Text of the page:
What does the morning mean to you? Is it a long slog of repetitive alarm snoozes and chimes, ushering you violently from slumber into a world of cold air and heavy eye-lids? Perhaps you’re a peppy-pepster, buzzing from sunrise and bouncing about the house in giddy merriment? Or is the morning simply just the first in a series of common events, an inevitability of your daily slog, and a reminder that you are no longer dreaming?
Wherever you fit, I hear you.
A lot of fuss is made about mornings; the early bird catches the worm; early to bed and early to rise makes a man healthy, wealthy and wise; the morning has gold in its mouth.
These are three sayings that stress the importance of an early morning, the last two coming from a certain Benjamin Franklin (and I’m sure he must have said the first one too at some point).
Are you a morning person? Statistically, only about 10% are. In fact, only another 20% are night owls. That puts about 70% of us right there in the middle, neither late sleepers nor early risers, conveniently non-spectacular.
Here comes the sun
But what if we could harness the power of the sun? Like a blooming flower opening up in all its glory to spread itself out and bask in the sun’s aura, we too can be so grand and wonderful, no?
I know, I know. ‘I have a job’, ‘I have kids’, ‘I have Netflix’. These are not excuses, they are just facts of life. Obstacles will always be in your path, no matter what you do or where you do it. Life cares not for smooth sailing and calm seas. It will throw grenades, barbed wire and tornadoes, and expect you to take it all!
So, how do you get around this?
A routine of course!
It’s simple. Regularity breeds an environment where your body and mind know what is expected of them in certain situations and at certain times. By scheduling yourself to be doing specific actions at designated times, you get yourself into a very productive habit that can lead to serious long term gains. It also removes the chance for dilly-dallying and general horseplay (unless, of course, you have made time for that in your routine. In which case, fantastic!), and replaces this with well planned, well utilised time and activity.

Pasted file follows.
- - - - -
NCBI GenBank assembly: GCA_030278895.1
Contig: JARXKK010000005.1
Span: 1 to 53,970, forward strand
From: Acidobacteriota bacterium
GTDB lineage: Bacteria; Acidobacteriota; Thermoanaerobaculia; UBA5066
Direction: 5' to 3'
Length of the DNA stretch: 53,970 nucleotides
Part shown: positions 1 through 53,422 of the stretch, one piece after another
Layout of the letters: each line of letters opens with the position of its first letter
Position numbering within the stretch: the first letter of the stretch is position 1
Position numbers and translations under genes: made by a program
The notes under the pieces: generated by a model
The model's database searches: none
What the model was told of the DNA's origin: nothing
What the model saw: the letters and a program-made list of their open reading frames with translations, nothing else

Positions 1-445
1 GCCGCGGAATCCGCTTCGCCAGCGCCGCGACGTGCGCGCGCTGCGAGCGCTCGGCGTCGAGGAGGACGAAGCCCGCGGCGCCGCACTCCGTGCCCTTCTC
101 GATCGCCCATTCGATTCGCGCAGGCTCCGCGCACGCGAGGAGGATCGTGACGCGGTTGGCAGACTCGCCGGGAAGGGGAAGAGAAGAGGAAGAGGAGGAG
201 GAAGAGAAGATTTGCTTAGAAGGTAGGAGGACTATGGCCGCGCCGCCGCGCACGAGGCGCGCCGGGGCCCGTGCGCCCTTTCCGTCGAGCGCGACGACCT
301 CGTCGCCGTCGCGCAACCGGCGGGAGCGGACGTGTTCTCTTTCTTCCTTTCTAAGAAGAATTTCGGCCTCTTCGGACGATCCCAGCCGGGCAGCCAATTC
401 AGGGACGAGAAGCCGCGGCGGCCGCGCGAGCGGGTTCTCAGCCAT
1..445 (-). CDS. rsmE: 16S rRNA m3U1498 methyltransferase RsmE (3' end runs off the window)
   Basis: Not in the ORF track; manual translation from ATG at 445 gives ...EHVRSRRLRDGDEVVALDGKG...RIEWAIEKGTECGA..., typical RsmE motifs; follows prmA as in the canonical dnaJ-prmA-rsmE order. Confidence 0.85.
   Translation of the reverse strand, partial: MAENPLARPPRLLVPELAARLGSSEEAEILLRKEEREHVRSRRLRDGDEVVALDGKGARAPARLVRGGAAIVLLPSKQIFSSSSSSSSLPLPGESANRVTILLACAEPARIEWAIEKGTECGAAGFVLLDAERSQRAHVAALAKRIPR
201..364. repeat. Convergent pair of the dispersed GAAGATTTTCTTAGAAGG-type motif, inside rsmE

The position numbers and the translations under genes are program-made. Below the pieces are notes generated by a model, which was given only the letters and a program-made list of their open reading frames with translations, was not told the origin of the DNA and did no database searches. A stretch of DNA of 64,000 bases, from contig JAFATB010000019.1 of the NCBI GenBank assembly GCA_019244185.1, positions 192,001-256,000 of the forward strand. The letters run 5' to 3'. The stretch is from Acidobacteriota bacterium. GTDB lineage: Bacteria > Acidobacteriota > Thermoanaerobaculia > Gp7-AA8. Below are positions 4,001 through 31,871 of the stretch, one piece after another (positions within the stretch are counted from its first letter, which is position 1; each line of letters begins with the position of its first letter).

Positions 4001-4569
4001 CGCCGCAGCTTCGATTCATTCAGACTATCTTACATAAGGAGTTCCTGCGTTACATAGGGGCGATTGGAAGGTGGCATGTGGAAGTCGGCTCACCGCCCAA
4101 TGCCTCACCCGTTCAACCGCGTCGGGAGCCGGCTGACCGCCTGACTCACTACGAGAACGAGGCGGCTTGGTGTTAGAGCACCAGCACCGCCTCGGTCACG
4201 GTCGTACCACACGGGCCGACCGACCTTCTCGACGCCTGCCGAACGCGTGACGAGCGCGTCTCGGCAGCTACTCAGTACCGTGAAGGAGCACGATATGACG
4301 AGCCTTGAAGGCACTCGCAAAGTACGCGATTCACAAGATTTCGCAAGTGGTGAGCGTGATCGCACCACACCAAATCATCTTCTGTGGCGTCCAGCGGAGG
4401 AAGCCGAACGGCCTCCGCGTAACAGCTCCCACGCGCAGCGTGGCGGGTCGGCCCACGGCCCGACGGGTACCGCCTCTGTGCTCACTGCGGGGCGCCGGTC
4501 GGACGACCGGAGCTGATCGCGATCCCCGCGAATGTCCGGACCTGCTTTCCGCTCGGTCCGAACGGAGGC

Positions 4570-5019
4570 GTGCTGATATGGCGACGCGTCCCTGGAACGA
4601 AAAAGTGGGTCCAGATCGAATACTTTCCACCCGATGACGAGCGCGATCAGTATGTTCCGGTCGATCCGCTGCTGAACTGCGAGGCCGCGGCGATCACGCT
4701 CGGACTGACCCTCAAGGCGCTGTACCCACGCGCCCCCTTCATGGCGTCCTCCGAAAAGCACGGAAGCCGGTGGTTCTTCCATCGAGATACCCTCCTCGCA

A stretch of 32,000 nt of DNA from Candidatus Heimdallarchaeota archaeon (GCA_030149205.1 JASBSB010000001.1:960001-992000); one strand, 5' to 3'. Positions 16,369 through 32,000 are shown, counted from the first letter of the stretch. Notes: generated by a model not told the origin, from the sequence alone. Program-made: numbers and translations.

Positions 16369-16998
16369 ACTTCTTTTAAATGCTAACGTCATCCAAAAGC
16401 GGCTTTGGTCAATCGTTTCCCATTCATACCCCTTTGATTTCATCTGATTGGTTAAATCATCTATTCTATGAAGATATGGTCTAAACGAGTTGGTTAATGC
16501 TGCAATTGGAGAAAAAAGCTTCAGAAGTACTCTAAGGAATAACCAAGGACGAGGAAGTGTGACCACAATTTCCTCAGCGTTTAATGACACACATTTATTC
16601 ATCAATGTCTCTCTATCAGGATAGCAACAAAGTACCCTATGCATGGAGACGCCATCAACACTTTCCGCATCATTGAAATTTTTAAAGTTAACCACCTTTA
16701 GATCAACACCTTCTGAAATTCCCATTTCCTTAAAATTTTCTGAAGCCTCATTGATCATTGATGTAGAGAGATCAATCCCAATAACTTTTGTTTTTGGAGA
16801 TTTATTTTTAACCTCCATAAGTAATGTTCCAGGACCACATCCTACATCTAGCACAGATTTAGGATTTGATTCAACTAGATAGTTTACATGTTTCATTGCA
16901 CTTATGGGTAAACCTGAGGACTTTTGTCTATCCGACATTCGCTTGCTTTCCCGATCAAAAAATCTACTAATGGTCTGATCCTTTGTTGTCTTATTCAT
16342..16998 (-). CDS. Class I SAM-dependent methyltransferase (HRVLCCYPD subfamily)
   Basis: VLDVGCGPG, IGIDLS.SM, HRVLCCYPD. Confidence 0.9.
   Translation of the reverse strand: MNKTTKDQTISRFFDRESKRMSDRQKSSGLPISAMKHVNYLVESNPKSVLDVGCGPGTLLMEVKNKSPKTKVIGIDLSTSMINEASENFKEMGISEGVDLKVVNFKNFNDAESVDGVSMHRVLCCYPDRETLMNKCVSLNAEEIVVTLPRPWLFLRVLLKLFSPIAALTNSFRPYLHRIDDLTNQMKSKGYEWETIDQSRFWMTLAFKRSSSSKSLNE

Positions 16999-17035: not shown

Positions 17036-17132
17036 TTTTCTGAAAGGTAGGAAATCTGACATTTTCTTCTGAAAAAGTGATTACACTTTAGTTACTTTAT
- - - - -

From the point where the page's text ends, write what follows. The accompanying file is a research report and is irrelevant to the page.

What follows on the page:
“”Habits help us get through the day with minimal stress and deliberation,” says social psychologist Wendy Wood, provost professor of psychology and business at the University of Southern California whose research focuses on the effect of habits on behavior” (taken from the article The Blessings of Routine on ChicagoTribune.com).
Whether the routine is rising early and maximising your productivity in the morning (more on this to come), or structuring your movements and actions throughout the day so as to keep yourself maximising your time for your interests, your day can only get better.
Time is money, but time is arguably more important. They are two things that define and dictate our daily lives, and yet we have so much trouble emphasising to ourselves to need to manage our time as carefully if not more so than how we manage our finances. Are you spending your time on things you really want to? Whether it’s having more time to play laser tag with your kids, bake cakes with your grandma, sell stocks and close accounts, or write and read, we could all do with having a little extra time in our lives for these passions. Squandering time is as big a waste if not more so than throwing money down the drain!
When can I routine?
This part is easy! For those of you interesting in making time at the beginning and end of your day, there is a great video here on The Art of Manliness that explains how you can book end your day with a structured routine aimed at prioritising your time and making the most of setting yourself up to succeed every day!
In the coming weeks we will also be looking into the daily routine of some great people from history, and seeing how their daily structures helped them to be the best they could be. We’ll also give you a breakdown of why making special care of using your mornings in an effective way can set you up for an even better day.
Don’t put too much pressure on yourself though. Life is busy, and some of us are truly swamped by the things we have to do, leaving us little time for the things we want to do. Small changes, even anything such as making time for ten minutes of reflective thought every morning, are a start.
Your task for this week? Go forth and add something to your daily life. It doesn’t have to be something big, but it has to be something noticeable, and something you are capable of doing every day. For the more competent among us, perhaps look to try something a little taxing that may take a little juggling to actually be possible to fit in.
- half an hour of reading before bed
- fifteen minutes of emailing friends in the morning
- 3o minutes of foreign language review before breakfast
- a morning jog (15-30 minutes is sufficient!)
- Keeping a journal, making time to write for at least 20 minutes every night (click here for the IQ breakdown of why journals are awesome)
Ultimately, the person who can control this is you. Don’t waste any more time thinking and yearning. With a planned routine, the thought process is removed and instead you only have moments for action! Knowing that every day you will be playing/practising/learning/growing can be a massive motivator, and a keen reminder that your life is moving in a fulfilling and enriching way.
What’s stopping you? Let us know in the comments what things you make a habit of doing routinely, and any tips you might have for others who are just starting to form routines of their own.
Special thanks to David Castillo Dominici, Kookkai_nak, marin, stockimages, TeddyBear[Picnic] and Tuomas_Lehtinen @ FreeDigitalPhotos.net for use of their photos in this blog.
© Itchy Quill and ItchyQuill.WordPress.com, 2015